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Montana couple represented by lawsuit against Remington rifle's defective trigger mechanism

Nov 13, 2012

A Montana woman claims the Remington rifle her husband used on a recent hunting trip was defective and it fired unexpectedly, resulting in her serious injuries.

According to a press release announcing their lawsuit against the makers of Remington rifles, a husband and wife were nearing the end of a hunting trip in Carter County there in late-October 2007. As the husband was unloading his Remington Model 600 Mohawk rifle, the gun discharged one of the bullets, hitting his wife in the left foot.

The shot caused serious damage that required several surgeries to correct and even then, resulted in the amputation of one of her toes.

The gun fired as the woman’s husband was unloading the Remington rifle by cycling the bolt, according to the firm's statement citing the complaint. The couple is being represented by Parker Waichman LLP. The firm represents several other victims of unexpected gun shots from this and other Remington rifles with the defective Walker trigger mechanism. Remington Arms Company, Sporting Goods Properties Inc., and DuPont de Nemours and Co., have all been named as Defendants in the lawsuit. The lawsuit was filed in in U.S. District Court for the District of Montana on Oct. 12.

The Model 600 Mohawk used by the couple during that hunting trip featured the Walker Fire Control trigger mechanism. The trigger device is supposed to give users a smoother fire action but the lawsuit alleges that Remington has known for years that this trigger mechanism is defective and has resulted in numerous injuries during the time it has been used.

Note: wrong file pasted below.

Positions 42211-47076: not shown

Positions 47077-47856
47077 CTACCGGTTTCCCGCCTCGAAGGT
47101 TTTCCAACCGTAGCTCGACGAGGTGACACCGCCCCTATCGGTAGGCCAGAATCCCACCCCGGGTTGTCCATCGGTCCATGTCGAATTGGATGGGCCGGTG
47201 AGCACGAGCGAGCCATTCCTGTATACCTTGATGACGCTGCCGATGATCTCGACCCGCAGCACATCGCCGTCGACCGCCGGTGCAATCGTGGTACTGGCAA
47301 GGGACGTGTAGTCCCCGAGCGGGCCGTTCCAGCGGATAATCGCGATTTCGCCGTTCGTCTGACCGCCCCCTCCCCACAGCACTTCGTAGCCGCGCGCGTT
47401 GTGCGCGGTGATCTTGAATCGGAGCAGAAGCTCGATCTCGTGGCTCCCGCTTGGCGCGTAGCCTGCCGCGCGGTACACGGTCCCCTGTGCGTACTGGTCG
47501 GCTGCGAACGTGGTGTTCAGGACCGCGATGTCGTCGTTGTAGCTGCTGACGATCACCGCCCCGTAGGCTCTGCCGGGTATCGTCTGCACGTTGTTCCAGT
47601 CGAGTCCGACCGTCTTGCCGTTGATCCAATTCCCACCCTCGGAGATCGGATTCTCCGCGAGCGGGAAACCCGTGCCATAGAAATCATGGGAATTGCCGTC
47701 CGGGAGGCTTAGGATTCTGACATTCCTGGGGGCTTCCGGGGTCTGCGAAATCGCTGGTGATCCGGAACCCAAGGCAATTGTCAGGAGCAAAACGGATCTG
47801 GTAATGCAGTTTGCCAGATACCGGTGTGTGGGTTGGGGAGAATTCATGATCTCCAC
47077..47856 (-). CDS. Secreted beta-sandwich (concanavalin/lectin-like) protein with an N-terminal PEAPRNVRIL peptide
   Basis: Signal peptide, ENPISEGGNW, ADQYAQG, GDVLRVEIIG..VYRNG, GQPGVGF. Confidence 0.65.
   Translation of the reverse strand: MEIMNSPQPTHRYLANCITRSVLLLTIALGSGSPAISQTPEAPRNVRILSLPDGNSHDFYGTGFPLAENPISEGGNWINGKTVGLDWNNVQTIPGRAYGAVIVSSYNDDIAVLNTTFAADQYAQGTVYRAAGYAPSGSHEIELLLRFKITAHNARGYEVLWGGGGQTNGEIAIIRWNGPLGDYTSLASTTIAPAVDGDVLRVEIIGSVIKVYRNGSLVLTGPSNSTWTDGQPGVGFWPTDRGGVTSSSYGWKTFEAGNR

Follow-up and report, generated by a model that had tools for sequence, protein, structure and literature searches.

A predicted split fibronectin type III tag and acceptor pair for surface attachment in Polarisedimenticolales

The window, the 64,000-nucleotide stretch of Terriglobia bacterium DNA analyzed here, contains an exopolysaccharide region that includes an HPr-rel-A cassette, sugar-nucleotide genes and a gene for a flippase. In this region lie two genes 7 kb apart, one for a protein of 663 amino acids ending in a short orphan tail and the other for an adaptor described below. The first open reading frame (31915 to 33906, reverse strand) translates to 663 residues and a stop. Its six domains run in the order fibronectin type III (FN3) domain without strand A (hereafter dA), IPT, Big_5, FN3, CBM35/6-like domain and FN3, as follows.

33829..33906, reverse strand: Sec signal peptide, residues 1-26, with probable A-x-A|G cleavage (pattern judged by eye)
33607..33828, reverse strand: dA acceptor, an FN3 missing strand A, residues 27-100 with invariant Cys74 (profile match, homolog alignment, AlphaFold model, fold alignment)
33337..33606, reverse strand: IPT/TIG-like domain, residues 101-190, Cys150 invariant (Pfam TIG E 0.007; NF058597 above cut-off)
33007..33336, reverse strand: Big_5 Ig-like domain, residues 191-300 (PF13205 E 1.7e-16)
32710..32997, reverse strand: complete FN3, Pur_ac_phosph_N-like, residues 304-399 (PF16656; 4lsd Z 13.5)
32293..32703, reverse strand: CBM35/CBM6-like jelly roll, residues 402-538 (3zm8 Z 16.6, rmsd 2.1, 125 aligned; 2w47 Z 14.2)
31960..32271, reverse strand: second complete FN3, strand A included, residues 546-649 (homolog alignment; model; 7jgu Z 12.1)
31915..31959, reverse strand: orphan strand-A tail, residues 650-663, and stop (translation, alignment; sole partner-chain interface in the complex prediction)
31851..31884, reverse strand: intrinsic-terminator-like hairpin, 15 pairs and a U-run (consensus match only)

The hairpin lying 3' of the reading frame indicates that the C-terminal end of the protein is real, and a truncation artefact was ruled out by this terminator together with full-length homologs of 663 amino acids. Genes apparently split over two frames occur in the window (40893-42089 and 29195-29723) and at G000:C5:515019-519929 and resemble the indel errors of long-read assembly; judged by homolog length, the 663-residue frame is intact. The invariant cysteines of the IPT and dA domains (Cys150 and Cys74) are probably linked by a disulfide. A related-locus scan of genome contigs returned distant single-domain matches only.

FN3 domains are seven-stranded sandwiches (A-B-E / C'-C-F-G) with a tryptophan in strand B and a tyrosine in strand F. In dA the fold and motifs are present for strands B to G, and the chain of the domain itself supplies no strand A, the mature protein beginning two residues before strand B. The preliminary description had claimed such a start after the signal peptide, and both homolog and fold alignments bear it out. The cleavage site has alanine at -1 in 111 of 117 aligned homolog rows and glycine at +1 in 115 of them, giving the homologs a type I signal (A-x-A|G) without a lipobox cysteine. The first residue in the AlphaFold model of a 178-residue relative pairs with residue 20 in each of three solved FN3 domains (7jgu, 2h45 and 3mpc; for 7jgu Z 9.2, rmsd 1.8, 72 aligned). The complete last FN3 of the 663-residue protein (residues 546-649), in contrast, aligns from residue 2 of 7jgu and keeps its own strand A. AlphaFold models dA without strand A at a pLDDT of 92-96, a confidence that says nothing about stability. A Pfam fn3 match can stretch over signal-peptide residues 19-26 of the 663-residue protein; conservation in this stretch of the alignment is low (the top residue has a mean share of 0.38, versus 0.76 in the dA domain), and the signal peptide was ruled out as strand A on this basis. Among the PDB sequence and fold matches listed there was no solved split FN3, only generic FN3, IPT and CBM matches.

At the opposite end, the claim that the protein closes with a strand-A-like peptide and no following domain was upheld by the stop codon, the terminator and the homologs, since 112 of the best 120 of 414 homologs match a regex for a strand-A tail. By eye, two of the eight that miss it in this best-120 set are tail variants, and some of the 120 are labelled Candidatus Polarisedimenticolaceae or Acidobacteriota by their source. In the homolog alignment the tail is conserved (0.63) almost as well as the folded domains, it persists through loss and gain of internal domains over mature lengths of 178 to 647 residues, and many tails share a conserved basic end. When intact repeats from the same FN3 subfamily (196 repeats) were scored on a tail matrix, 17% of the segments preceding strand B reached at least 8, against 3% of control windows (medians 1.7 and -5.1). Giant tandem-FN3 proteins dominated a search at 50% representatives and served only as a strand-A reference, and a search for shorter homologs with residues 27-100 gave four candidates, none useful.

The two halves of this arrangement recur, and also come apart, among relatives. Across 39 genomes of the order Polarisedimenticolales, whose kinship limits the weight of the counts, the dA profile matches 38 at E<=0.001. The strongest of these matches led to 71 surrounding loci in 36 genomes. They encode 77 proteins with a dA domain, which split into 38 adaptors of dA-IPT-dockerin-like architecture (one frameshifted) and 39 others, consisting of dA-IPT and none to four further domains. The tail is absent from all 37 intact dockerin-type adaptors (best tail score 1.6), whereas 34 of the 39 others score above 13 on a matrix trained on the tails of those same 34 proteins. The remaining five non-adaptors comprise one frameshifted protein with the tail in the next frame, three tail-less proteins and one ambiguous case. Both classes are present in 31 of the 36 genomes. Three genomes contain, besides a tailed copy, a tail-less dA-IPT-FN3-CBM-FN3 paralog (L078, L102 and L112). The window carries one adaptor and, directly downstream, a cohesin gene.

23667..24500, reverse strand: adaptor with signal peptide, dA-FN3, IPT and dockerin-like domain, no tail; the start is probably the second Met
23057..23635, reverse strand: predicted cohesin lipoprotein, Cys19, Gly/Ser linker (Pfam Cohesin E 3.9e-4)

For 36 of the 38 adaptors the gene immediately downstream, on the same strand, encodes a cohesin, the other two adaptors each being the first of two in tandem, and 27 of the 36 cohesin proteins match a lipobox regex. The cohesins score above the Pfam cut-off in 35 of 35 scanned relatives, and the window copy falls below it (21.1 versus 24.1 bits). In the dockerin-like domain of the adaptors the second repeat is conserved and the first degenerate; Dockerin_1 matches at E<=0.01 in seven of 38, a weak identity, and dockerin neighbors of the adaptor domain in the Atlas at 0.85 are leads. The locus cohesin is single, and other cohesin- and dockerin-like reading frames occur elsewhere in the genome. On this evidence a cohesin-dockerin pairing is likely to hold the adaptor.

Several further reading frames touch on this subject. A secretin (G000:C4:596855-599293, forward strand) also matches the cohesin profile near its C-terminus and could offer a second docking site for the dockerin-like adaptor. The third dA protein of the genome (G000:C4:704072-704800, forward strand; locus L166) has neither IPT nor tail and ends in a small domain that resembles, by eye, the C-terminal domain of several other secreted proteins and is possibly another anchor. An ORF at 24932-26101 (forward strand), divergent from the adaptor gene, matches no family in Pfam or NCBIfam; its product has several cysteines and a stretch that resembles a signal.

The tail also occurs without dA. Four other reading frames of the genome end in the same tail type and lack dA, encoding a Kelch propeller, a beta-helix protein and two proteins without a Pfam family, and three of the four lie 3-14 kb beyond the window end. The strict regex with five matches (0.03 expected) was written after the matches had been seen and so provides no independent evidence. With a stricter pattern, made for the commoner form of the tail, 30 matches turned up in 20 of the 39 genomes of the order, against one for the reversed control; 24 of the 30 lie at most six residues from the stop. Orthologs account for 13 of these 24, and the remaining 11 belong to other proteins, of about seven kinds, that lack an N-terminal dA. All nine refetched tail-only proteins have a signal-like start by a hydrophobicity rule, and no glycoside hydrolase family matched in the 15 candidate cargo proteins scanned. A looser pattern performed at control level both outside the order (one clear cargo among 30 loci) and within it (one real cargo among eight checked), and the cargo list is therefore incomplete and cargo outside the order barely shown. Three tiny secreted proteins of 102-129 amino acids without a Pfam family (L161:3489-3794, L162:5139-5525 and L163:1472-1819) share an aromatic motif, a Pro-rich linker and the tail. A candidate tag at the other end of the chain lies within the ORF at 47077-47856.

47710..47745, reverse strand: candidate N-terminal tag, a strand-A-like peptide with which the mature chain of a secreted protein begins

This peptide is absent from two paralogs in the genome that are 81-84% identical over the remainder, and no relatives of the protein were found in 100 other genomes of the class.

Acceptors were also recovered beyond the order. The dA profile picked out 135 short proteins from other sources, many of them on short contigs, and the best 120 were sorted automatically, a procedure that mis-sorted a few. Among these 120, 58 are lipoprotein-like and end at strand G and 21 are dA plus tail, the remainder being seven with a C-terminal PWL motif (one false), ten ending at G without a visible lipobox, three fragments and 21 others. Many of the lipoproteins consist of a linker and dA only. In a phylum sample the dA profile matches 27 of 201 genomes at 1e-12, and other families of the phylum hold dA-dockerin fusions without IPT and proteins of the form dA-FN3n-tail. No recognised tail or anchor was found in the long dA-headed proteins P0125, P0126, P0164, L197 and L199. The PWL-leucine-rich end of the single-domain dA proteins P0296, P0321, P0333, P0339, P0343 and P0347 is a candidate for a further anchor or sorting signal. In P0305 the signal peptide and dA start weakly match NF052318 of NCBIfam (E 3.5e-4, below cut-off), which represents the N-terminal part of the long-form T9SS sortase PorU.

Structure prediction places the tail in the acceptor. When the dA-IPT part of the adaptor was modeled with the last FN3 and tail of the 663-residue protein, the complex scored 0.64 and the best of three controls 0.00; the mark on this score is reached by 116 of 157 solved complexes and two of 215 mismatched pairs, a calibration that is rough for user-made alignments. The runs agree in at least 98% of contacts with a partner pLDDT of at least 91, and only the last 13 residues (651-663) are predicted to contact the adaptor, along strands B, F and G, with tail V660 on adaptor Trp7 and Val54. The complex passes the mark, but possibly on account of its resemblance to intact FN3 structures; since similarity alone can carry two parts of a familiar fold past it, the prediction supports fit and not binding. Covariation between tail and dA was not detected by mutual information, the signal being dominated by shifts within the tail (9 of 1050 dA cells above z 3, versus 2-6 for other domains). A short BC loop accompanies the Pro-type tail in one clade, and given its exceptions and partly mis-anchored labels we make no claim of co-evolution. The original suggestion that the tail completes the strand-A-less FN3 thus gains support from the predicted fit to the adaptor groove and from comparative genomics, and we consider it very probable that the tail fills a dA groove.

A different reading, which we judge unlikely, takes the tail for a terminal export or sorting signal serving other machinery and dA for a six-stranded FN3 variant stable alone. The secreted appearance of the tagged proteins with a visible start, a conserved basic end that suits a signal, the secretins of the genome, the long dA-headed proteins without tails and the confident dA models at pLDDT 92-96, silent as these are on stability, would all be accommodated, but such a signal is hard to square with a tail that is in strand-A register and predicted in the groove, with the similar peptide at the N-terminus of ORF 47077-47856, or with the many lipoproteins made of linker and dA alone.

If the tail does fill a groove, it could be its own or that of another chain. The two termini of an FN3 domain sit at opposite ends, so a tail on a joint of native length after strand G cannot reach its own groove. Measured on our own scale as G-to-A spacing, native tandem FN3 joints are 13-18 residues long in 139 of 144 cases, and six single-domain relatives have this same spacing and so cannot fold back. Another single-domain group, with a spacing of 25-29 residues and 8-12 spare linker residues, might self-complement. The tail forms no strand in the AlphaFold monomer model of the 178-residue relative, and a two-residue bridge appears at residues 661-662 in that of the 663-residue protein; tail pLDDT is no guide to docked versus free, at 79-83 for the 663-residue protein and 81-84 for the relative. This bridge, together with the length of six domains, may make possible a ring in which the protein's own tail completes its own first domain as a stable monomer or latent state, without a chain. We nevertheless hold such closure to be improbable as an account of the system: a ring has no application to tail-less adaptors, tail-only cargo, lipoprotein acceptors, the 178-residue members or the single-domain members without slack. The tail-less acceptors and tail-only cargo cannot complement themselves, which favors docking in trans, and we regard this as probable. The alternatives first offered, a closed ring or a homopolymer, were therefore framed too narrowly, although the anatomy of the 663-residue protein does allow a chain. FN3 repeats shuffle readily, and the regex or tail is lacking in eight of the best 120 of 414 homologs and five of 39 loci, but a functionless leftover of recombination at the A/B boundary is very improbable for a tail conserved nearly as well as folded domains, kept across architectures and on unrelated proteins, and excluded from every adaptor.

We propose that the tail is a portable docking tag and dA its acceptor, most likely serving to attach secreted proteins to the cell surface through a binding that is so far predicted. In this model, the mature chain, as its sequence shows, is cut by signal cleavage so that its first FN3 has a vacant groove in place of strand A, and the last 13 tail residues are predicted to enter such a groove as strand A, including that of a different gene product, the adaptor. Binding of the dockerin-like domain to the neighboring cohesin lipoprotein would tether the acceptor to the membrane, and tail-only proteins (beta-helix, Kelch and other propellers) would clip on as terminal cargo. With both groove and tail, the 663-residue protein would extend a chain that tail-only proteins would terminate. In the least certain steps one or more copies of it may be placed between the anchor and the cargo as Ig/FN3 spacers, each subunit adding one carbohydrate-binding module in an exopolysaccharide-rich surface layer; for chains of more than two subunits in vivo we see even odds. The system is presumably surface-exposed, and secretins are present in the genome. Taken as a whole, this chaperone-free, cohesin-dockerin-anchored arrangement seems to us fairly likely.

According to previous reports on the dangers posed by some of these Remington rifles, the Walker firing mechanism can become faulty if the gun is jarred or dropped or jostled in any manner. This causes the gun to fire without any warning. The suit claims that Remington has received more than 3,200 complaints about the defective Walker trigger mechanism between 1992 and 2004 but continued to market it as safe and hid any reports of problems associated with it.

Most of the problems have been linked to the popular Remington Model 700 rifle but the defective Walker trigger device has been installed on many other Remington rifles, including these models, according to the Parker Waichman press release:

* Model 11-48 Shotgun
* Model 552 Speedmaster Rifle
* Model 572 Fieldmaster Rifle
* Model 740/742/7400 Rifle
* Model 760 Gamemaster Rifle
* Model 770 Bolt Action Rifle
* Model 870 Pump Action Shotgun
* Model 878/879 Shotgun
* Model 1100 Shotgun
* Model 7600 Rifle
* Model Four Rifle
* Model Mohawk 48 Shotgun
* Model Six Rifle
* Model Sportsman 48 Shotgun
* Model Sportsman 58 Shotgun

Parker Waichman continues to investigate claims of injuries as a result of an unexpected shot from Remington rifles and believes it has evidence that the company is fully aware of the problems with the defective triggers. According to the release, “the company is so accustomed to such occurrences that they have developed acronyms for the when the gun misfires.”

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